As a current college student, the thought of proactively reaching out to seasoned professionals can be daunting. However, so much of professional success isn’t about your credentials or even your experience- it’s who you know. Comb through the profiles of colleagues on LinkedIn and internal websites to learn more about the people who are already working in your field of interest. Shoot a quick introductory email and ask to meet for coffee or grab lunch (even busy professionals have to eat!). And then don’t blow your opportunity to make a connection. Ask her about her career path and trajectory; her experience working for the company; advice that she wishes she could give herself when she was first starting out. Always follow up with a quick thank you email and then handwritten note.
Leave a Lasting Impression
Everyone is familiar with the saying about first impressions. But I would argue that impressions are really developed over a sustained period of time. Don’t just be punctual, be early. Stay late. Ask for additional responsibilities once you have completed the tasks assigned to you. Be confident but coachable, you are, after all, there to learn. And demonstrate these qualities consistently; this becomes the person they will remember.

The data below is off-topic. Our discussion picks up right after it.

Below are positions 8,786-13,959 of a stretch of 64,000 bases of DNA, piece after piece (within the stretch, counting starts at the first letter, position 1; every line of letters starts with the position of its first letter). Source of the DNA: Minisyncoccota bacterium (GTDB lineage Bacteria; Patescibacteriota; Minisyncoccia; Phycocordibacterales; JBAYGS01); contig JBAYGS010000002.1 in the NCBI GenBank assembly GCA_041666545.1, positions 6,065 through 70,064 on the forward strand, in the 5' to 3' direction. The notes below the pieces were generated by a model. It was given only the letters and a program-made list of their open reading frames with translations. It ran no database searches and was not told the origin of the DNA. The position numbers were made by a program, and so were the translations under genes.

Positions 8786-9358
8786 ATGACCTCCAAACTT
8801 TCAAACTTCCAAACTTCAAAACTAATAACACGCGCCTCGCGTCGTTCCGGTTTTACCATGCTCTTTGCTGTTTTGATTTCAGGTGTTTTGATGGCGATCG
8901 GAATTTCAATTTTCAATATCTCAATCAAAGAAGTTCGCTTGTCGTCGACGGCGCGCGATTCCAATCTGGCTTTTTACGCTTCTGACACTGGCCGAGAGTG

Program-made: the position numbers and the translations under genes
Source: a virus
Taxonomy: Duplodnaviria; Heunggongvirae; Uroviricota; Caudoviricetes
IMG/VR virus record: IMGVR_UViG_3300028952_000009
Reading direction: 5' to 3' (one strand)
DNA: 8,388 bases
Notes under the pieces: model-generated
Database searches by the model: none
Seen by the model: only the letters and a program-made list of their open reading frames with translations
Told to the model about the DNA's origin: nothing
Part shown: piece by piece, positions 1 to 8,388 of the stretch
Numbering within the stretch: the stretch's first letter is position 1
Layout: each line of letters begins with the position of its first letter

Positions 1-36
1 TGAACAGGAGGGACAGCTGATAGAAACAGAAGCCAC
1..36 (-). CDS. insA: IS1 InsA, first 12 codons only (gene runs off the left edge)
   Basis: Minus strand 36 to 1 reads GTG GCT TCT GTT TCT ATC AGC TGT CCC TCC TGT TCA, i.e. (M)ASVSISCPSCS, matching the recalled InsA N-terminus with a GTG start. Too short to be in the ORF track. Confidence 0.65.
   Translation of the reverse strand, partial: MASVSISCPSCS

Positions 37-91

Be a Cerebral Workhorse
Put in the work as if your livelihood depended on it- one day it may. Sure, there are summer parties and festivals, concerts, and sporting events that you’d probably rather be at. Don’t deprive yourself completely but scale back on social commitments to devote more time and energy to work. This may mean working beyond typical or previously-designated work hours. Guess what- this is okay. But don’t just work hard without a plan or strategy. Use all of those econ or engineering theory courses to show off your academic horsepower. If the company is struggling with a process or system, try to wrap your arms around the problem to offer a fresh and innovative solution, and don’t be afraid to take calculated risks.
Be sure to get the contact information of several colleagues before leaving. Stay in touch but make sure that your contact is meaningful. Thank you notes for mentorship or guidance. Holiday cards. Updates on significant accomplishments, especially if the contact was helpful in your attaining this accomplishment. And as your full-time job search begins, reach out to your contacts if there is a particular job you’ll be going after or just to reconnect. Again, so much of one’s career is about who you know not necessarily what you know. That contact just might mean that your resume gets moved to the top of the pile, and that’s a much better position than the bottom.